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Release Date: July 26th, 2011 Movie Release Year: 1978

National Lampoon's Animal House

Overview -

One of the most popular movie comedies of all time is also the film that made John Belushi a star. This raunchy, screwball comedy directed with madcap zest by John Landis offers a relentless spoof of 1960's college life by following the hilarious adventures of the Delta fraternity. In addition to Belushi as Bluto Blutarsky, the outstanding cast includes Tim Matheson, Tom Hulce, Stephen "Flounder" Furst, Karen Allen, Donald Sutherland, Peter Riegert and Kevin Bacon, along with Otis Day and the Knights with their showstopping performance of "Shout."

For Fans Only
Rating Breakdown
Tech Specs & Release Details
Technical Specs:
BD-50 Blu-ray Disc
Video Resolution/Codec:
Aspect Ratio(s):
Audio Formats:
Italian DTS 2.0
English SDH, French, Spanish, German, Italian, Danish, Dutch, Finnish, Norwegian, Swedish
Special Features:
Where Are They Now? A Delta Alumni Update: A mockumentary featuring the original cast.
Release Date:
July 26th, 2011

Storyline: Our Reviewer's Take


National Lampoon was a humor magazine begun by former members of the Harvard Lampoon: Doug Kenney, Henry Beard, and Robert Hoffman in 1970. Over the decade, a number of comedic talents appeared in their pages as well as their ventures into others mediums like radio and theater. Their biggest success was 'National Lampoon's Animal House,' a low budget movie that went on to become such a box-office smash that it changed what was acceptable in mainstream Hollywood comedies.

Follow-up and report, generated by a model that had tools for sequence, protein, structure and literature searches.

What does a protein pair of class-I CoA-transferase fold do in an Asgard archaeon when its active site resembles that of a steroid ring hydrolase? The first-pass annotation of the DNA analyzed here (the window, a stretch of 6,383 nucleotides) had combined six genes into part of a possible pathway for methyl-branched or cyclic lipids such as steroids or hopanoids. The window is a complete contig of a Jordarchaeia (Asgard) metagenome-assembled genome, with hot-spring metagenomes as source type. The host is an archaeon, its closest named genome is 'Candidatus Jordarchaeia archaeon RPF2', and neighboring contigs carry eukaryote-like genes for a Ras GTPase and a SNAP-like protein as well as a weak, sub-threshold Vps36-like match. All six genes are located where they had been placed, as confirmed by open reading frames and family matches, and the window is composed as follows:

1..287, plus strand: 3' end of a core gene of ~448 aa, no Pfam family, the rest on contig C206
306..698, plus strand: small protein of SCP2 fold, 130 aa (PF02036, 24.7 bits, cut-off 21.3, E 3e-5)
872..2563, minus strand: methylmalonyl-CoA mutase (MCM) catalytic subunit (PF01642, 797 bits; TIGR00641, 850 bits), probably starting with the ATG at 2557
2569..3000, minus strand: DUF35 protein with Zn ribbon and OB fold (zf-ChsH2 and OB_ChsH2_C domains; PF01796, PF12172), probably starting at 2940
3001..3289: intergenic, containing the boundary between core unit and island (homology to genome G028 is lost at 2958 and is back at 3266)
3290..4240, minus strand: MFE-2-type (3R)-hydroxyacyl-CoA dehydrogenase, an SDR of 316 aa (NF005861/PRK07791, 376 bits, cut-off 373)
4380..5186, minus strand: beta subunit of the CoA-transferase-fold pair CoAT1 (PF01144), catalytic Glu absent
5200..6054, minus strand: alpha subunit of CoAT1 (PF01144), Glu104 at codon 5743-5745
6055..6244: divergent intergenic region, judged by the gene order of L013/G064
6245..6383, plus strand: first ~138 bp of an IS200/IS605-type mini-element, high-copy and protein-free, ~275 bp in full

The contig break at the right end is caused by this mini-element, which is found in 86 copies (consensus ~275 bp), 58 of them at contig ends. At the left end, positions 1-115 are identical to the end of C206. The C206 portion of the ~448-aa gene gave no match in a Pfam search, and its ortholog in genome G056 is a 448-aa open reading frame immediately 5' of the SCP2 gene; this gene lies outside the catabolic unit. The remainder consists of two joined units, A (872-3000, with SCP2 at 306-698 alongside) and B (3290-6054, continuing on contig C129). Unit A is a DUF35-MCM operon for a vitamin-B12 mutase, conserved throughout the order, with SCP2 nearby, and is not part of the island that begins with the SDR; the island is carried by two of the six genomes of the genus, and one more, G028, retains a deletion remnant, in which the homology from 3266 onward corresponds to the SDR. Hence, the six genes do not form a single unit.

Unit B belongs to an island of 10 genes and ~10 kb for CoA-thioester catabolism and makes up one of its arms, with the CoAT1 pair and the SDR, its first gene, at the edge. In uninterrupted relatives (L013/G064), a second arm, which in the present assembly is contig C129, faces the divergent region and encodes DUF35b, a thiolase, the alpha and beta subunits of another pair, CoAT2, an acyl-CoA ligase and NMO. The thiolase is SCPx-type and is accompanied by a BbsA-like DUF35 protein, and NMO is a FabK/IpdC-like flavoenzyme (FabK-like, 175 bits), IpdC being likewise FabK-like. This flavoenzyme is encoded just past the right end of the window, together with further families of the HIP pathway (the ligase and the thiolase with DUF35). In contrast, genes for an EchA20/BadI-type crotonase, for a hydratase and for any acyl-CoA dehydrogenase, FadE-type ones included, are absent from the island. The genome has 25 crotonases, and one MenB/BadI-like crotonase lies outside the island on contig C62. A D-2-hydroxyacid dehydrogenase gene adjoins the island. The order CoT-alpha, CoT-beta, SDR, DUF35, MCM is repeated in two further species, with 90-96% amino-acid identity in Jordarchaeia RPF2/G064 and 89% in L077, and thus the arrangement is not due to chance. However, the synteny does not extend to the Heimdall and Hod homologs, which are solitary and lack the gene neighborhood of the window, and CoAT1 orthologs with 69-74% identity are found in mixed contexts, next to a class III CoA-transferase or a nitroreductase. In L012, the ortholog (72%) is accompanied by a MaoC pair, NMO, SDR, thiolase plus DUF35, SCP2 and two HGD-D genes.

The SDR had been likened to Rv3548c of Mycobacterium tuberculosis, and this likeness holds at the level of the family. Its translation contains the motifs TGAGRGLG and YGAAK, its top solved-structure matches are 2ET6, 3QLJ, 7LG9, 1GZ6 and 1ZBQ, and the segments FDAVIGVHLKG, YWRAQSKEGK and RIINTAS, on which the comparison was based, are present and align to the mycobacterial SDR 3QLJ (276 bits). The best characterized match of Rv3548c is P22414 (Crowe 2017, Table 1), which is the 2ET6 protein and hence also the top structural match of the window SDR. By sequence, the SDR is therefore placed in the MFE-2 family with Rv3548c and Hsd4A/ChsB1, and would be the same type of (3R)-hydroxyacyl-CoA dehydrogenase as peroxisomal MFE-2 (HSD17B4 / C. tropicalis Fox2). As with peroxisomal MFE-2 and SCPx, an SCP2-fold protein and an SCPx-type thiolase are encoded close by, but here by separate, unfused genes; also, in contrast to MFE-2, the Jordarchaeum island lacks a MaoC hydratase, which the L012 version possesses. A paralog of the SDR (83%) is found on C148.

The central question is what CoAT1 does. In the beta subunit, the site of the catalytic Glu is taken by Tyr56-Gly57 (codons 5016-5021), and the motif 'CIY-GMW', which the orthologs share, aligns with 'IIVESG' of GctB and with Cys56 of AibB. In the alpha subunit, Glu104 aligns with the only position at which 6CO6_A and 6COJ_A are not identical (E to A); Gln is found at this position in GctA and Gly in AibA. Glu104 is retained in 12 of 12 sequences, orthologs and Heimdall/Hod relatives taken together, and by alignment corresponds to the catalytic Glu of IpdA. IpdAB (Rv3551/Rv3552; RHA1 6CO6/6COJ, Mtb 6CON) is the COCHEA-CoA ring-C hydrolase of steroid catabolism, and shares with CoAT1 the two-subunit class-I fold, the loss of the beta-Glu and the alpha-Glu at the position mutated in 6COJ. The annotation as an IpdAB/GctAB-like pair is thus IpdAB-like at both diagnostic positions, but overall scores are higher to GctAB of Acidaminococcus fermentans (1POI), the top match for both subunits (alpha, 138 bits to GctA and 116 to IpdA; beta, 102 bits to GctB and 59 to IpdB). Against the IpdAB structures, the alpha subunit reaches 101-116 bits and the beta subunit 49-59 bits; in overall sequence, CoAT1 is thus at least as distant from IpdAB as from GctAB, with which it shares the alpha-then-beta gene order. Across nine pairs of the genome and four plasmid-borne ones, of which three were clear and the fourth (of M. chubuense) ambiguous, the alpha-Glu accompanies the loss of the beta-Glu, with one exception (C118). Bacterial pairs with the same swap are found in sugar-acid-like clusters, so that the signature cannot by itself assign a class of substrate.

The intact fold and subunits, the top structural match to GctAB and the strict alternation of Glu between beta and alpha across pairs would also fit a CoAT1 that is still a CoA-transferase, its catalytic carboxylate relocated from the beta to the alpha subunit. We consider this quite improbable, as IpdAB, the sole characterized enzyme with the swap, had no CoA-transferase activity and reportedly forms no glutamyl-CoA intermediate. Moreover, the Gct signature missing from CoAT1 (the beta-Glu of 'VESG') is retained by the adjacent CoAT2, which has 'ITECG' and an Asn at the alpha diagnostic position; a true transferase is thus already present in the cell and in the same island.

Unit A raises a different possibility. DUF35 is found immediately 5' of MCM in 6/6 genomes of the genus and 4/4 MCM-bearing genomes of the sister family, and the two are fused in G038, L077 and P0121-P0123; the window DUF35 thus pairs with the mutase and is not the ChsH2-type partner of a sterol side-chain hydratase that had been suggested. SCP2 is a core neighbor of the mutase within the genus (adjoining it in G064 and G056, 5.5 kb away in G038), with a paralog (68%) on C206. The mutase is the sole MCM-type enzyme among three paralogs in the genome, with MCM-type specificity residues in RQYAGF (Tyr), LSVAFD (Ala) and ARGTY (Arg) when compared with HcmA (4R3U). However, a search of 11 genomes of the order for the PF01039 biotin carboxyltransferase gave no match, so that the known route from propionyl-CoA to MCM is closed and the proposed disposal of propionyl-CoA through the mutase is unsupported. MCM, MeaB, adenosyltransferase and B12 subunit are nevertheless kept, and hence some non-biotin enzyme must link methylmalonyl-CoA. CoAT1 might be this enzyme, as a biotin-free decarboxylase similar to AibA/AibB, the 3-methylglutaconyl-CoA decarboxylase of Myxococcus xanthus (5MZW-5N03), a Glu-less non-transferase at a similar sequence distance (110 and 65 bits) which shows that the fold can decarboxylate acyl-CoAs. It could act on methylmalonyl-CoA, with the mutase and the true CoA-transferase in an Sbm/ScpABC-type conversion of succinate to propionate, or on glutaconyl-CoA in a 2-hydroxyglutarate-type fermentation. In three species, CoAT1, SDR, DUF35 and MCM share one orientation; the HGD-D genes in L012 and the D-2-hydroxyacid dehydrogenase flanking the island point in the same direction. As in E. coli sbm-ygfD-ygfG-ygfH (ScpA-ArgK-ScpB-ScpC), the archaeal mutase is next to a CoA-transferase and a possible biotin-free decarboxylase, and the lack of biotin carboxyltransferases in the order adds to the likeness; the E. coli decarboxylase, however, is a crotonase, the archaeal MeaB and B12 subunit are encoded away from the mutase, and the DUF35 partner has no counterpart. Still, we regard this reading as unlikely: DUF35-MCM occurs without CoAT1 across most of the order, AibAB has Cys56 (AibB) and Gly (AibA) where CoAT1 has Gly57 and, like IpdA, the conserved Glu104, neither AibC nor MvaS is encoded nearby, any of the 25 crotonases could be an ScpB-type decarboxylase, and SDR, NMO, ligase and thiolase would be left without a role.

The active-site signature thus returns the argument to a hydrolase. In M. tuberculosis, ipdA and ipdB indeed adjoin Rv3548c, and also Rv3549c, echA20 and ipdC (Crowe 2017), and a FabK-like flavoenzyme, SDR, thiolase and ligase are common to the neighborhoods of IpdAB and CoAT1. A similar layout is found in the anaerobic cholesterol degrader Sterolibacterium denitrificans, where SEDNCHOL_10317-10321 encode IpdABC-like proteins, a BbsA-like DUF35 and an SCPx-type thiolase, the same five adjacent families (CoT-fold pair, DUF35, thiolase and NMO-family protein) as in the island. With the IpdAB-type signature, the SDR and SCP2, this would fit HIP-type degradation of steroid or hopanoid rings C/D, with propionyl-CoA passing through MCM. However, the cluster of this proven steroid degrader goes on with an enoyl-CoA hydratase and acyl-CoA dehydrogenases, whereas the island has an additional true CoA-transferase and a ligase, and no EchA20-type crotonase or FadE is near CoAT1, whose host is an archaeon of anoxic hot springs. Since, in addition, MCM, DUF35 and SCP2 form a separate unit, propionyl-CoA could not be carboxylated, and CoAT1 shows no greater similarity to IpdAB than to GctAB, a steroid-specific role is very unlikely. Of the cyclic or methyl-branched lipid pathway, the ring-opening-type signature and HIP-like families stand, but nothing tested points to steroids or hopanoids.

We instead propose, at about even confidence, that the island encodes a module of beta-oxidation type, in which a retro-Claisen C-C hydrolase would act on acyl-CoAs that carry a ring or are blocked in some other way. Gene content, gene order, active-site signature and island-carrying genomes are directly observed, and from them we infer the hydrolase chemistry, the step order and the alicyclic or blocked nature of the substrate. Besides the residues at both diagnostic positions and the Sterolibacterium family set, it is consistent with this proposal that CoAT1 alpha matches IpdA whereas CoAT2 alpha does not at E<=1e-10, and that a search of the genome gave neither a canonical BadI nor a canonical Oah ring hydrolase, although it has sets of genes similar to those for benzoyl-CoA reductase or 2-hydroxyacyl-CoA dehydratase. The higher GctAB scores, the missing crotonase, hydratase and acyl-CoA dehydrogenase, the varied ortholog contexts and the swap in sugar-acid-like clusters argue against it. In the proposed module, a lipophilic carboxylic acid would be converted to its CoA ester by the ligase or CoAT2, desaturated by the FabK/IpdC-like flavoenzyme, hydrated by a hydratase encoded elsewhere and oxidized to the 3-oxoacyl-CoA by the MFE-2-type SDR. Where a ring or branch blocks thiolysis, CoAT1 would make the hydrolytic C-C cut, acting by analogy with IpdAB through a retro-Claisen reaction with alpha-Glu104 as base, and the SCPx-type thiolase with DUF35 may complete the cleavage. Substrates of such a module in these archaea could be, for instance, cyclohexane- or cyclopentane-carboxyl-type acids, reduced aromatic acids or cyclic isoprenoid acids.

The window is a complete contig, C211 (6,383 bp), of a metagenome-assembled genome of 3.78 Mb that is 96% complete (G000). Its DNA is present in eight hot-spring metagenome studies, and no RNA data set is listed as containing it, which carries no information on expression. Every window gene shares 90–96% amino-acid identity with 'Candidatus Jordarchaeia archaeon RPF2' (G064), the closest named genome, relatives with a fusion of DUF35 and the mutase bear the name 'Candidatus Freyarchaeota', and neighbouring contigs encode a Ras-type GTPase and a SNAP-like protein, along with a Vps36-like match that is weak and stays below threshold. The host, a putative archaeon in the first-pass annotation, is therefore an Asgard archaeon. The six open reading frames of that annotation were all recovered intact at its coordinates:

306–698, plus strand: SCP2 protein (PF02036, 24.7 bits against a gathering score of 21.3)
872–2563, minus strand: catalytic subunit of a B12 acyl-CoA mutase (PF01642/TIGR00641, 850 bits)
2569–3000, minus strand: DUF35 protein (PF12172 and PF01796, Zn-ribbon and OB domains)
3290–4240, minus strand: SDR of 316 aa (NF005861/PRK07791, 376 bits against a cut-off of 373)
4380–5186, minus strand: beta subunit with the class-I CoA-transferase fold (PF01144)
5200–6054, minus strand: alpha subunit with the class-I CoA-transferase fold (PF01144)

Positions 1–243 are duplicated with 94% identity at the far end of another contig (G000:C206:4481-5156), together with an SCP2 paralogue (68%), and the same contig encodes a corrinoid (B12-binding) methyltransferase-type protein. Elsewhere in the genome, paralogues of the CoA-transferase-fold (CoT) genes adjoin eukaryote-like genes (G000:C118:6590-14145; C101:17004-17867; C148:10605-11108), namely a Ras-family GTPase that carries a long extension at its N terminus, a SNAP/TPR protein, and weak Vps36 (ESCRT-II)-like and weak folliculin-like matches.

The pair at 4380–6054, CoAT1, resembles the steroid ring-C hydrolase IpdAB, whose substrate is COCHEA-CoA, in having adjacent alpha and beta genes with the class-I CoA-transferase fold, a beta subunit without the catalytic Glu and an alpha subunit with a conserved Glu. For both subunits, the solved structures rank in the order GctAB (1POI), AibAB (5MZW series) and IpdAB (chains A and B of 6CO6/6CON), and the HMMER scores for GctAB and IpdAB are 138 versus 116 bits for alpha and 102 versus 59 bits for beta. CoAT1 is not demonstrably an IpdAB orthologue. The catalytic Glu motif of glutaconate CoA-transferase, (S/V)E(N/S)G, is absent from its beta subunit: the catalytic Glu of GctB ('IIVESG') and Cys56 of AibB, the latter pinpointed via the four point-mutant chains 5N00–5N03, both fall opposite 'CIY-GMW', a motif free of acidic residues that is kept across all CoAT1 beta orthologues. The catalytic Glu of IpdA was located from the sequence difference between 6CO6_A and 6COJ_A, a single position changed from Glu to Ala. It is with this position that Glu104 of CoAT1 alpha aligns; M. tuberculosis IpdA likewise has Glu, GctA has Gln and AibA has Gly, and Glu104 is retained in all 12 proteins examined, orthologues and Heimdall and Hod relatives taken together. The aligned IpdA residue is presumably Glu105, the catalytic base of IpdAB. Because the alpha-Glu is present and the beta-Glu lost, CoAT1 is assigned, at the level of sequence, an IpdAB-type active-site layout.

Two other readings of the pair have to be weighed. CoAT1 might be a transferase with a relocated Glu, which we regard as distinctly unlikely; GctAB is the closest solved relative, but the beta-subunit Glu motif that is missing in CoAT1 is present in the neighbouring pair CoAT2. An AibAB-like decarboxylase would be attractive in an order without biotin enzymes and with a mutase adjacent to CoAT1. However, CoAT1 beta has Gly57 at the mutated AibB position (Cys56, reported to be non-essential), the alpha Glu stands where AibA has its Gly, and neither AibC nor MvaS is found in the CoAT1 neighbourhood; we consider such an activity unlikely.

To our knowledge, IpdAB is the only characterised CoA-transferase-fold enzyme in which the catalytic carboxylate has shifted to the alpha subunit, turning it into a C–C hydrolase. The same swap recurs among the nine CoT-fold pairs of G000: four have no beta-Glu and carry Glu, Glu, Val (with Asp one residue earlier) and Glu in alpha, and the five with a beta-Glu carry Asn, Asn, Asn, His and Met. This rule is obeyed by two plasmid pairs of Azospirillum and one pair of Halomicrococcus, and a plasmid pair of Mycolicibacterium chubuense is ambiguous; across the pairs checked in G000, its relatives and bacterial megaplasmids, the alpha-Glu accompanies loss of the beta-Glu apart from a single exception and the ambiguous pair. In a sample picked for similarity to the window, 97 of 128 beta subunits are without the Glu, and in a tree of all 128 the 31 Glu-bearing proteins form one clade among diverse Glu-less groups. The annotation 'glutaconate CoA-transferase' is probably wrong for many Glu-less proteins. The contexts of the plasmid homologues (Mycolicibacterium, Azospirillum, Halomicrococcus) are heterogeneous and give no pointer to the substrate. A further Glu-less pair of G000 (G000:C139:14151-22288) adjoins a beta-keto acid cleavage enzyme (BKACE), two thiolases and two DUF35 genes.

Based in part on the college experiences of co-screenwriter Chris Miller, who had published the stories in the magazine, the movie tells the wild exploits of the rebellious Delta Tau Chi fraternity at Faber College in 1962. It's Pledge Week as the film begins, and freshmen Larry Kroger (Thomas Hulce) and Kent Dorfman (Stephen Furst) are checking out their options. Omega Theta Pi isn’t one, as the stuck-up members make clear with their actions. Kent then suggests they head over to Delta House because his brother Fred was a member, so that makes him a legacy.

The Deltas Pledge Party is a much different affair. Before they get into the house, Larry and Fred are greeted by rock 'n' roll music and a urinating Bluto (John Belushi in his breakout film), who inadvertently marks them. He offers them beer, which "don't cost nothin'" but is against the rules for freshman. The Deltas rarely follow the rules and just see college as a time to party, making it a much more appealing place for the young audiences that overwhelming connected with the movie.

One man aware they don't follow the rules is Dean Wormer (John Vernon who makes a great villain by playing it straight). He's sick of the embarrassment Delta House causes with their poor grades and ridiculous pranks and places them on double secret probation in an effort to run them out of the college. Wormer unleashes the Omega members to help his plans come to fruition and Delta fights back as best they can, leading to a hysterical climax at the homecoming parade.

The cast is outstanding. While Belushi made the biggest splash, the film is filled with impressive performances by a number of actors early in their career. Karen Allen and Kevin Bacon also made their debuts here. Mark Metcalf was so memorable as the uptight Omega prick Doug Neidermeyer, he reprised some scenes in music videos for Twisted Sister. The caliber of the screenplay, John Landis' direction, and the actors, is demonstrated through the revelation in the extras that some roles were specifically created for others. Otter was intended for Chevy Chase but he went on to star in 'Foul Play.' D-Day would have been Dan Ackroyd but his commitment to Saturday Night Live kept him away. Yet, Tim Matheson and Bruce McGill don't have you longing for what could have been, and it's difficult to imagine the movie without them.